but Barnehage! YES!!! How could I forget that wonderful heaven of a place? Will add that to the list!!

  2. kutubuku permalink
    15 May 2012 12:22

    Påskekrim! 😀

  3. kutubuku permalink
    15 May 2012 12:31

    On more serious note: I don’t know whether I have lived in Denmark too long (and too weary of its politics) that i can no longer see these kind of things that you listed here, but I also feel like Norway has always had more traditions than the Danes. Take 17th May for example, we don’t have that kind of thing, or the love of the nature, or tradiitonal costume (bunad), or many many other things that are charming about Norway.

    This is why I understand why Norwegians are so proud about their “norwegian-ness” while when Danes do that, I don’t get it because what is Danishness really? All I can get for answer is “open mindedness (frisind) and equality” which is not something that is special as Danish

  4. yharlap permalink
    15 May 2012 12:38

    Hm. I would put verdens beste kake on that list rather than (or alongside) kransekake. Or maybe, just kake in general. So many kinds of kake. And what about softis!? Also, milk and butter are really yummy. (I think I need to get something to eat!)

    • 15 May 2012 12:52

      Yes – ALL CAKE! 🙂 I actually don’t like Norwegian ice cream, but I agree with butter and milk for sure!

  5. 15 May 2012 13:21

    I booked my flight and I’m coming over there! 🙂 Let’s get baking and hiking and flower-admiring and sky-watching and snowshoeing through the fields in April! Seriously, would love to some day. You should be a freelance travel writer. Norway’s biggest advertiser to the world.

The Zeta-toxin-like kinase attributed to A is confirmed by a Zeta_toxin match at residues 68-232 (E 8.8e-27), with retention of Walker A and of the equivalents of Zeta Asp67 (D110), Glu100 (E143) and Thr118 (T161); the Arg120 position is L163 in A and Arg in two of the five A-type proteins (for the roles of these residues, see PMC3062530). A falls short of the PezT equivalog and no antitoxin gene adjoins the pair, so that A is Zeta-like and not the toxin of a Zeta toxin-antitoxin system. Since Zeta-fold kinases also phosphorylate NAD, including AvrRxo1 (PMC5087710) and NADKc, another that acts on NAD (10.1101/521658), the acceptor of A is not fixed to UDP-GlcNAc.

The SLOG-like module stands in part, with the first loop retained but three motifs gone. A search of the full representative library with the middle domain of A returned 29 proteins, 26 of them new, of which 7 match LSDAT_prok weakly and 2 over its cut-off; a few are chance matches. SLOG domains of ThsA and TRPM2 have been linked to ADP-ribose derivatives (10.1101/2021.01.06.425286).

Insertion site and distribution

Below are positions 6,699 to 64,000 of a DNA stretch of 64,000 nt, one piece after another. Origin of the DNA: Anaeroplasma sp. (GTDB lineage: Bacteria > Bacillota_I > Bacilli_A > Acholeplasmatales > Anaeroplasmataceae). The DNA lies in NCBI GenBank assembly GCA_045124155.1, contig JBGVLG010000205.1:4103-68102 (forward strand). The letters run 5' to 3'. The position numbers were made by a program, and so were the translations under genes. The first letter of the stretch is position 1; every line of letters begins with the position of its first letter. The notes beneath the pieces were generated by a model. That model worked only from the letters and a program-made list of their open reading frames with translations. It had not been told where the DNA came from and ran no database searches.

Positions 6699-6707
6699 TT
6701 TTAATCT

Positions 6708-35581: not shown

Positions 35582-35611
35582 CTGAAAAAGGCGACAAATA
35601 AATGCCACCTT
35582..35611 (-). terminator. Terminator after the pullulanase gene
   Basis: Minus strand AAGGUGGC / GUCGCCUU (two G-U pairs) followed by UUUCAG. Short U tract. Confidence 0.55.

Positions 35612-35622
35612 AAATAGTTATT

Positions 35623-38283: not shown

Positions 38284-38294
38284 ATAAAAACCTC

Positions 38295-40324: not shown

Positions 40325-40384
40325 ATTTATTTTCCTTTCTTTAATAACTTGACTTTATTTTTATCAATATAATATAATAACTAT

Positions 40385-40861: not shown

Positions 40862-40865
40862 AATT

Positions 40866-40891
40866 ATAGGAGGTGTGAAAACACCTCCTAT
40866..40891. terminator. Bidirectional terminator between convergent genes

• 15 May 2012 13:23

      oh goodness, Pam, you crack me up. I’ll have to make my next post: “I hate Norway!” just to balance it out to immigrants know what to *really* expect! 🙂 You should definitely come visit!

  6. 15 May 2012 13:54

    Every world has it’s “Loves” and “Hates”. Now that I am leaving my job and Baltimore to return to London, I am seeing all of the things that I am loving and less of the things I am hating. When I was in England I missed all of the things I loved about the States, and when I returned home I missed all of the things I loved in England. I think making your list is good. IT IS the little things that make a life, and rarely do we stop and smell the roses… (Or eat the Kake!)

  7. 15 May 2012 14:48

    Living in a place where many people vacation, I lose sight of and take for granted the good things around me. On the other hand there are no movies within 100 miles, no shopping, groceries are minimal, cell phones don’t work at my house, etc. I guess it all depends on my mood or “attitude du jour.”

    • 15 May 2012 18:51

      I knew you were remote from the pictures on your blog, but wow! That’s like being at one of the DNT cabins in Norway! 🙂

  8. 15 May 2012 17:19

    Its funny, I fall in and out of love with Norway at least three times a week and have been here for over twenty years.

    Everything on your list is good, the only thing I can think of adding is maternity leave…

    My daughter is about to give birth and will get thirty two weeks of full paid maternity leave and her husband will get twelve weeks! (option #2: forty-two weeks with 80% pay) I love that!

    • 15 May 2012 17:30

      WOW!!! I have a friend who works for the FBI in the States and she gets 6 weeks UNPAID maternity leave, and her husband gets nothing. That is amazing!

      • 15 May 2012 18:55

        Yeps! that’s why we’re no. 1 in the world for mothers! … the U.S. ranked 25th. Did you see that report?

    • 15 May 2012 18:54